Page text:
All images scanned by Sweet Jane from an original editorial by Molly Parkin for NOVA, September 1966. All photographs by Duffy. Model on the left Jill Kennington, Model on the right unknown. 

Saturday, 20 September 2014

Les Belles et la bête | Elle Magazine (1967)

Les Belles et la bête


Left to right: two mini dresses in black velour with iridescent print, softly gathered under yoke, by Pierre Cardin. Green, purple and pink crepe blouson style dresses with top stitched detailing and sundress necklines, by Patou.

Red crepe dress by Dior.

Silver, pleated lurex gauze dress with asymmetrical hemline decorated in crystal beading, by Pierre Cardin.

Golden yellow dress with front ruching detail and bead trimmed asymmetrical hem, by Cardin. 

Tailored suit, with narrow fitting ankle length skirt in wool crepe, by Lanvin. 


All images scanned by Sweet Jane from ELLE magazine 31st August 1967. Photographer uncredited.

Wednesday, 3 September 2014

In Anticipation of The Biba Years 1963-1975

The Biba Years 1963-1975

Very much looking forward to viewing The Biba Years 1963-1975 by Barbara Hulanicki and Martin Pel (published on September 1st). I would imagine that Biba enthusiasts everywhere have been counting down the days to the release date over the summer, ever since the first glimpse of that glorious cover and description of the contents appeared on the V&A Publishing website earlier this year! Comprising of 240 pages, it promises to feature a wealth of previously unpublished material including early fashion illustrations, archival images, extensive garment photography and full colour reproductions of all six of the original Biba mail order catalogues, as well as many personal insights from the designer and her contemporaries. While I await the arrival of my own copy, i've been busying myself by reading Barbara's autobiography (again) and leafing through my collection of Biba editorials, I'd almost forgotten that I had this issue of  The Observer from 1969, which featured the Biba couture range, it seems as good a time as any to post it here.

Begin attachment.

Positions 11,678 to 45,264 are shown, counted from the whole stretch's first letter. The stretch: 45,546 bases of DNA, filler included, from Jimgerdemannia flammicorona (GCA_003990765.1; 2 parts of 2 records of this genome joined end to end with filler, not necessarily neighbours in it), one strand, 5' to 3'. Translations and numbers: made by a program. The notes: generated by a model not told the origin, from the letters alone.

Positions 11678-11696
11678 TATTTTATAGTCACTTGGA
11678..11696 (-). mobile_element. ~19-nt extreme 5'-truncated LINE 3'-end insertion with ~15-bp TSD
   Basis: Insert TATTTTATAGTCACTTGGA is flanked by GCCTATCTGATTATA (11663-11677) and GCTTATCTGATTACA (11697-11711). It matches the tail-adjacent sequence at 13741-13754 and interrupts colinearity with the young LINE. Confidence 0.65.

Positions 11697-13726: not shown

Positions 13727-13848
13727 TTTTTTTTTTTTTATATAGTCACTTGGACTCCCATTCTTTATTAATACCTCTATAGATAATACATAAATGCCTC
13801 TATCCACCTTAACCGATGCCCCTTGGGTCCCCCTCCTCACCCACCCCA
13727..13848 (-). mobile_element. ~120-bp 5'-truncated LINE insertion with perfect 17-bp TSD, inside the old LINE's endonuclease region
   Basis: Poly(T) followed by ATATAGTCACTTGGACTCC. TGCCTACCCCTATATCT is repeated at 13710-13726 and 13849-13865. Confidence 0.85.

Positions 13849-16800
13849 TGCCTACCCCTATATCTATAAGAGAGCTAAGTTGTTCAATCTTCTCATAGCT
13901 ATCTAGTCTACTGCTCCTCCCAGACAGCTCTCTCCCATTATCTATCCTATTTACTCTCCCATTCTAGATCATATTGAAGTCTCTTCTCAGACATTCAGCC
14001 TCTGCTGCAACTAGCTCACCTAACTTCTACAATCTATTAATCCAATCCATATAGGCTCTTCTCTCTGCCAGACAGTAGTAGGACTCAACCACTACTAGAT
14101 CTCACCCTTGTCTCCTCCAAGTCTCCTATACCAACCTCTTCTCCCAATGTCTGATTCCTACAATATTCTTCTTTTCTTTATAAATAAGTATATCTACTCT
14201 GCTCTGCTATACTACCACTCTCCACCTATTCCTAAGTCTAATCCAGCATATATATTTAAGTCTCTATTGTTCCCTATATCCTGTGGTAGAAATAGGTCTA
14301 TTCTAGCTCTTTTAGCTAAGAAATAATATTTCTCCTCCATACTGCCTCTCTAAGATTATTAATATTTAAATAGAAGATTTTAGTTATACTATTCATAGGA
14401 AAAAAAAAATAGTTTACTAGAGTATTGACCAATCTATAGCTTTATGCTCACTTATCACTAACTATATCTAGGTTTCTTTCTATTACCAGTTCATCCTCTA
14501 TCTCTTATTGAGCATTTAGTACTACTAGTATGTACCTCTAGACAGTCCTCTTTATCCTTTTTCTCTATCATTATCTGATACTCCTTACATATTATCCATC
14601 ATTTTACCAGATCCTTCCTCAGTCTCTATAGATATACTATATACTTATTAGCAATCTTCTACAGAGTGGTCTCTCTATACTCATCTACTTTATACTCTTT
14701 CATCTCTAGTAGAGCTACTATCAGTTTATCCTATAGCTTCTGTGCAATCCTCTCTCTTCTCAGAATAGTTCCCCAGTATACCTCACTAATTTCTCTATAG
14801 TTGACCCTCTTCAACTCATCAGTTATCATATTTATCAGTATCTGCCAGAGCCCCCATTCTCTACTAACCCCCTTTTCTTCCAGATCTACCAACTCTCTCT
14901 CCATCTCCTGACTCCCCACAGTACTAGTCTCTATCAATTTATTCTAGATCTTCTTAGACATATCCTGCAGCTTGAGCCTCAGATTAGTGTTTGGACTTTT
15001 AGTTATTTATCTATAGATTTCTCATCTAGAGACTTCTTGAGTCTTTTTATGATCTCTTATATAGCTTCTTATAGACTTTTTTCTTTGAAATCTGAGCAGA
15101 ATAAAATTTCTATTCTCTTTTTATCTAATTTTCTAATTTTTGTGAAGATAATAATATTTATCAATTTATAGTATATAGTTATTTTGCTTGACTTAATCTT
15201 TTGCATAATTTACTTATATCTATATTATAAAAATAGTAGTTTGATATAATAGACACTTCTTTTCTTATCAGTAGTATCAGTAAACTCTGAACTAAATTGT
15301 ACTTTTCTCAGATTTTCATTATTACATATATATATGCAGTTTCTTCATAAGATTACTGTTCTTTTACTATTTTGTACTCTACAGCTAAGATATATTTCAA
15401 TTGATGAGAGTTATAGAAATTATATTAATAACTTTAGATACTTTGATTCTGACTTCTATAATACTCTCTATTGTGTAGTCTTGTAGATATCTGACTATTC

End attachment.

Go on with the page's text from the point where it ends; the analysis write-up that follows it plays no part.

fashion book blogger biba


Write to Biba Ltd, 19 Kensington Church Street, London W8, for a special order form. With it you will get a very detailed measurement chart to complete. It is vital, writes Liz Smith, that you are measured accurately (get a competent person to do it for you). Then send off the order form with £15 deposit. You will be sent a toile of the garment made to your measurements, together with a cutting of the fabric. Alterations can be made on the toile, and it's up to you to ensure it fits exactly the way you want. You will be sent a special chart on which to note any alterations. Finally, send back the approved toile together with the balance of the price, and the dress, suit or coat will be made up for you in the couture fabric. Each garment will be cut to individual measurements out of couture cloth, with perfect buttonholes, hand sewn zips and linings of silk.

fashion book blogger biba
Chocolate brown whipcord trousers and shapely cardigan jacket, 60gn. Cream crepe-de-chine blouse with stock tied softly at the neck, 25gn. Silver rings, 30s. each; fake diamond ring, 30s. Plummy brown snakeskin hat, 25gn. Boots 16gn. from the Chelsea Cobbler. Hair by Valerie, at Cheveux, Abingdon Road, W8.

fashion book blogger biba